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Sociology Actually: Blanket Norms

blanketparkJust for fun, a Summer sociology blog thought...

I was at the Heart of America Shakespeare Festival in Kansas City, and sitting with a friend, we were talking about how sociology is actually, all around. Very often the invisible social rules that we all play by are in place to limit our individual desires, and to define the situation that might otherwise be undefined.

As we waited for the play to start, there we began discussing the social rules that govern our behavior. Right there in front of us were a number of rules related to seating in an open air park that were all put in place to balance the tension between what we want to do as individuals, and what we must give up as individuals in order to have the benefits of social order. There were some rules that were formal-- written down by the event organizers-- no sitting in the "aisles" (which in the grass field were outlined by yard lights), and there was a section for taller lawn chairs, and a section for blanket seating which were marked off by signs.

The most interesting thing however, is the number of norms-- the sociological term for rules that govern our behavior-- the invisible, informal, unwritten, but still agreed upon and followed. Since I was in the "blanket on the ground" section, most of my observations concern behavior in that area. Here is a list of what we observed, the unspoken rules that everyone (of North American culture) knew and followed:

* Once you put a blanket down, that is your claimed space, no one else can move it, steal it, or walk across it. This applies even if the blanket is unattended. You do not need to be present to defend your blanket, everyone knows not to walk on it or touch it. 

* Blankets must be neatly laid out flat. Any blanket that is crumpled or not neatly laid out does not make any claim to space, and can be touched, or even moved aside by others. 

* Blankets are not allowed to touch the blanket of someone else. A "neutral zone" of 2-3 inches minimum must be kept between blankets, preferablly 6 or more inches. If someone wants to move into that zone, they must ask permission of the other blanket owner. 

* Blankets must have one square edge facing the stage. They are not allowed to be set down in a "diamond" shape, with a blanket corner pointing toward the stage. (Remember, there is no written rule for this, but everyone follows it). 

* There is a two blanket limit. No matter the size of your group, you are limited to two blankets. One person may stake out a section of two blankets, but it is assumed that more friends are coming. But it is perfectly acceptable for groups as small as 3 to have two blankets, and groups as large as 8 or even 10 must still stay on two blankets.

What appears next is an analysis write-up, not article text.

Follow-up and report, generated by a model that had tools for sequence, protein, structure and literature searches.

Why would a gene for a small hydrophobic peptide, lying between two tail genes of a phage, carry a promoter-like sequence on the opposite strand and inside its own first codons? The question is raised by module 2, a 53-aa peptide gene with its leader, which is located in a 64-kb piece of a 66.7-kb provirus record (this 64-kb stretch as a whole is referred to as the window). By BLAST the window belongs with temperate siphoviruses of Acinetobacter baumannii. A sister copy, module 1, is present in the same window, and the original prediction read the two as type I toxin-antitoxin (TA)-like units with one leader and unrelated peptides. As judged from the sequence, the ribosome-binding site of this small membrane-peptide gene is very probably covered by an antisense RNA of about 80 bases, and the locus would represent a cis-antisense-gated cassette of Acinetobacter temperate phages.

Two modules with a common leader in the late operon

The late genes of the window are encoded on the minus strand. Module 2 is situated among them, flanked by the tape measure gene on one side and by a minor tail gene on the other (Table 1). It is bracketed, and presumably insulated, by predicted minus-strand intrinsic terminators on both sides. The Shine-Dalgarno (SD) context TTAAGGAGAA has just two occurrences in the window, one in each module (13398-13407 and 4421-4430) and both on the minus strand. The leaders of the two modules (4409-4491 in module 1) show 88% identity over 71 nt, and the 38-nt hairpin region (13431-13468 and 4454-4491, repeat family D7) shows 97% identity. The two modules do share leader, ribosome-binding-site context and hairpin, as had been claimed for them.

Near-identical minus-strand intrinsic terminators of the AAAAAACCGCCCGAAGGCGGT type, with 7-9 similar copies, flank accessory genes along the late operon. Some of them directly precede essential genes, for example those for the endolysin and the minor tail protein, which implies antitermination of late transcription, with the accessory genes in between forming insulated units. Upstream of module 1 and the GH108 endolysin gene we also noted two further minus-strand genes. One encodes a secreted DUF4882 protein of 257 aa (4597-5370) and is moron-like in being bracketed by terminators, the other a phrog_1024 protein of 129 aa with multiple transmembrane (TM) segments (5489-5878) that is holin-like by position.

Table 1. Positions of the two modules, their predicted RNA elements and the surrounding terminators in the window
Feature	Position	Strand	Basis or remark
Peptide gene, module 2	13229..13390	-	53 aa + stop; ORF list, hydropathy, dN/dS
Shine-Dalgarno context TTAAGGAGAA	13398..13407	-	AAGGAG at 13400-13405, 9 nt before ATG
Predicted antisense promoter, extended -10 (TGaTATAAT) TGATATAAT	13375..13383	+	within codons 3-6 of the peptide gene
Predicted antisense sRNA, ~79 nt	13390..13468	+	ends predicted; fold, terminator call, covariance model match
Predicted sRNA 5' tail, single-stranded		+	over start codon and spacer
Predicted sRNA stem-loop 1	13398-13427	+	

* Even though this takes place in a grassy park, because this space is defined as a theatre, all other theatre rules and norms apply. Although there is no rule listed, stated, or posted anywhere, you are not allowed to stand or kneel on your blanket during the performance. If you do so, the crowd will sanction you, yell at you, or even throw popcorn at you. Although there are no chairs to sit on in the blanket section, it is assumed that you must sit on your behind, or recline in the blanket section (this one is especially interesting, because other rules are verbalized-- you are told not to use cell phones, but no one tells you that you can't stand or kneel, yet everyone knows it). Other theatre norms, such as no talking during the performance are strictly enforced by others in the crowd. 

These are the ones I observed-- can you think of any other "invisible rules" that I missed?

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Bo Cassell is an Associate Professor of Sociology at MidAmerica Nazarene University. In his 20+ years of experience working with youth and young adults, he has directed mission programs, developed youth conferences, and served as a youth pastor. He is the author of three books, including Water, Fire, Wind: The Elements of Following Christ, and Global Christianity: The Life We’re Called To Live-- both of which were commissioned as the preparation reading for two youth conferences attended by over 17,000 teenagers. He has also written curriculum for WordAction Publishers, and published several articles in Group Magazine, Journal for Student Ministries, Youthworker Journal, and Credo Magazine. A student of missions and culture, he has traveled to over a dozen countries, and set foot on every continent except Antarctica. He is a sought after speaker for leadership and youth ministry workshops, college campus chapels, and youth camps and retreats. Bo is a graduate of Pepperdine University, Fuller Theological Seminary, and the University of Missouri, Kansas City. He holds two Masters degrees, and is working toward a PhD. He lives outside of Kansas City.

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Guest Friday, 25 July 2014

About This Blog

OhBehave is the outreach blog of the MNU Behavioral Sciences Department. In matters related to Psychology, Sociology, and Criminal Justice you will find information and updates geared to keep students and professionals abreast of the latest research, professional developments, and important trends in each field. As we seek a life of purpose, the material presented in this blog is meant to enhance and deepen our understanding of people and our world so that we may intentionally reflect the grace and peace of our creator.